Alcon Canada Inc.v.Cobalt Pharmaceuticals Company, 2014 FC 149
In a proceeding brought pursuant to the NOC Regulations, the Court made determinations with respect to obviousness, lack of utility and lack of sound prediction, and ambiguity and insufficiency.
The Court construed the claims in issue, and determined the inventive concept of the claims as well as the promise of the patent. The Court found that the allegation of obviousness was not justified. However, the experiments in the patent did not demonstrate the promised utility, nor was the utility soundly predicted. The Court considered the promise of each asserted claim in performing this analysis. After making these determinations, the Court made additional comments on the issue of utility. In particular, the Court noted that the findings in this regard were limited to the allegations made by Cobalt in its Notice of Allegations, but there were other aspects of the promise that were not demonstrated or soundly predicated and that could have been raised by Cobalt.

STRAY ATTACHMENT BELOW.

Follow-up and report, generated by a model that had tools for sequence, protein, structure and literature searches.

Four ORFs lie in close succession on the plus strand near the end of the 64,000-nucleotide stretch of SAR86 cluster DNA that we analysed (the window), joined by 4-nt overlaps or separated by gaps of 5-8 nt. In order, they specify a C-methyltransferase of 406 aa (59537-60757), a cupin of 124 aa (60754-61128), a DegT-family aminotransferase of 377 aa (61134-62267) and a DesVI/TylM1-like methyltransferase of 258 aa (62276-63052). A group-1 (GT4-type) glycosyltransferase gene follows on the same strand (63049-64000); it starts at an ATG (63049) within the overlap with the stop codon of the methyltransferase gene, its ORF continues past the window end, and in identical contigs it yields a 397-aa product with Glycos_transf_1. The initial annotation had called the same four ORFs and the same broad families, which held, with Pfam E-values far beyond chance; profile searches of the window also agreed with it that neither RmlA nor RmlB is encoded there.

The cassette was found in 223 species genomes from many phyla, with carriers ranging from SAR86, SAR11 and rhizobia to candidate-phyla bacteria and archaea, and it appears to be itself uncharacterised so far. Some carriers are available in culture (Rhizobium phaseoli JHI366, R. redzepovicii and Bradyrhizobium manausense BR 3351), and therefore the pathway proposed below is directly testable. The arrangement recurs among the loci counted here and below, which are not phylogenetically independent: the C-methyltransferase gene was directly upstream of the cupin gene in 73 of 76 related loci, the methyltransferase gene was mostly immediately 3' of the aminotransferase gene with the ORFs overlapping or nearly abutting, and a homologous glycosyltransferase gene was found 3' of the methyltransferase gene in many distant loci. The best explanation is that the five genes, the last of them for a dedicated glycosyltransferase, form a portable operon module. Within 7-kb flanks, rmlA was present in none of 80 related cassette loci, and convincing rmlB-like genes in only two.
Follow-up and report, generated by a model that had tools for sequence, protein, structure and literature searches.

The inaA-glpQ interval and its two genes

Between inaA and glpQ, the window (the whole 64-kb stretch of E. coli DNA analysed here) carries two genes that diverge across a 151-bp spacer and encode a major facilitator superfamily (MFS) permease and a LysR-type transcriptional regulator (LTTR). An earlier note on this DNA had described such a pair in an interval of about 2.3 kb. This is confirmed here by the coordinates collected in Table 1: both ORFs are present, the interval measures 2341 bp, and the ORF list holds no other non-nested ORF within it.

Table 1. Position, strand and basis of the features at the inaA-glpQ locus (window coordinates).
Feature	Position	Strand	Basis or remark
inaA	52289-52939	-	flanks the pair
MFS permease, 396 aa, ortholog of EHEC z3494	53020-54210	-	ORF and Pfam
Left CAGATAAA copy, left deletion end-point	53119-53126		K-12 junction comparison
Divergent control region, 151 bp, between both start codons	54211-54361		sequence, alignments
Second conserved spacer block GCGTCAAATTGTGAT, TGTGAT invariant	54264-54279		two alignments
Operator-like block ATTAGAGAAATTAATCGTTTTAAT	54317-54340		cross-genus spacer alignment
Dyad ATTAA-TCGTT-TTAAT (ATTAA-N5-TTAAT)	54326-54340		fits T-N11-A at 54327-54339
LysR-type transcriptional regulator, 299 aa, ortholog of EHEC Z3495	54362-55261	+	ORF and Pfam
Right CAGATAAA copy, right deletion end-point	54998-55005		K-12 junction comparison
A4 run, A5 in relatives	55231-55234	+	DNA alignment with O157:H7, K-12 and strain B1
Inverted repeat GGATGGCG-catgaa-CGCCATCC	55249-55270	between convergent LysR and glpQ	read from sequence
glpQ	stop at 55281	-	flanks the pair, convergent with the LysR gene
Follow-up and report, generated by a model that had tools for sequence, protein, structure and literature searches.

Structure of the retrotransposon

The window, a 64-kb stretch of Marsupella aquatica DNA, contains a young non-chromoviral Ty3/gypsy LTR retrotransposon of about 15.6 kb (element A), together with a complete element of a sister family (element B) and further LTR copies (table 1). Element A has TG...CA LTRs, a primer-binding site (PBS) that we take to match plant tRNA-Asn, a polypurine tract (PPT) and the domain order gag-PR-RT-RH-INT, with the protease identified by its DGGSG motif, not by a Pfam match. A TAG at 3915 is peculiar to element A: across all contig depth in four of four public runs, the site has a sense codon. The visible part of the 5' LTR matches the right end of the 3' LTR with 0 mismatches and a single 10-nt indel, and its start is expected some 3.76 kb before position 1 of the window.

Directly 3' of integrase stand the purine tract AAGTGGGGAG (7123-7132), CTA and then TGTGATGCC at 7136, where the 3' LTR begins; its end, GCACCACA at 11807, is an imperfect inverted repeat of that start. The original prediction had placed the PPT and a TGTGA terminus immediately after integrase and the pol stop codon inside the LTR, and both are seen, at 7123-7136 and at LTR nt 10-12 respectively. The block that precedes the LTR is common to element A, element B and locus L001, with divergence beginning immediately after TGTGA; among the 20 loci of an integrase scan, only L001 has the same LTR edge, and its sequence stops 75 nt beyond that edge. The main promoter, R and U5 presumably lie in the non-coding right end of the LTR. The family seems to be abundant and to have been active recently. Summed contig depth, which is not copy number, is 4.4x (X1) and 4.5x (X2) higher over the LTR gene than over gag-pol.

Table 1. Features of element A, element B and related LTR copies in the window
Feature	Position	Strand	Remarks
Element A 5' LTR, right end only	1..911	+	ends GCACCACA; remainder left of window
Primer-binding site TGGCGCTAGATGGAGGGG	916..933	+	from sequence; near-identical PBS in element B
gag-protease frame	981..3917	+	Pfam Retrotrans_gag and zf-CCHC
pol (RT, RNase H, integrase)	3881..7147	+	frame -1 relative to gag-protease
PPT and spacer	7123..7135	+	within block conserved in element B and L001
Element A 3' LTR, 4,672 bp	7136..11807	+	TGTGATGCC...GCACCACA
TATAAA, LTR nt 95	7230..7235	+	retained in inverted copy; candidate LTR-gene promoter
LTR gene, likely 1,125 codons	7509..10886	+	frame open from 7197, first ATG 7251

The Court found the allegation of overbreadth was justified, stating that “this allegation of overbreadth is simply another way of articulating the utility argument, but from the perspective of claims drafting rather than from the perspective of the demonstration or sound prediction of utility. As I have already found above that the 924 Patent fails to meet the promises advanced by the asserted claims, it follows that the claims are drafted more broadly than is warranted; they contain promises that are broader than what can be demonstrated or soundly predicted to be useful by the disclosure in the patent.” Finally, the Court concluded that the allegation relating to ambiguity and insufficiency was not justified.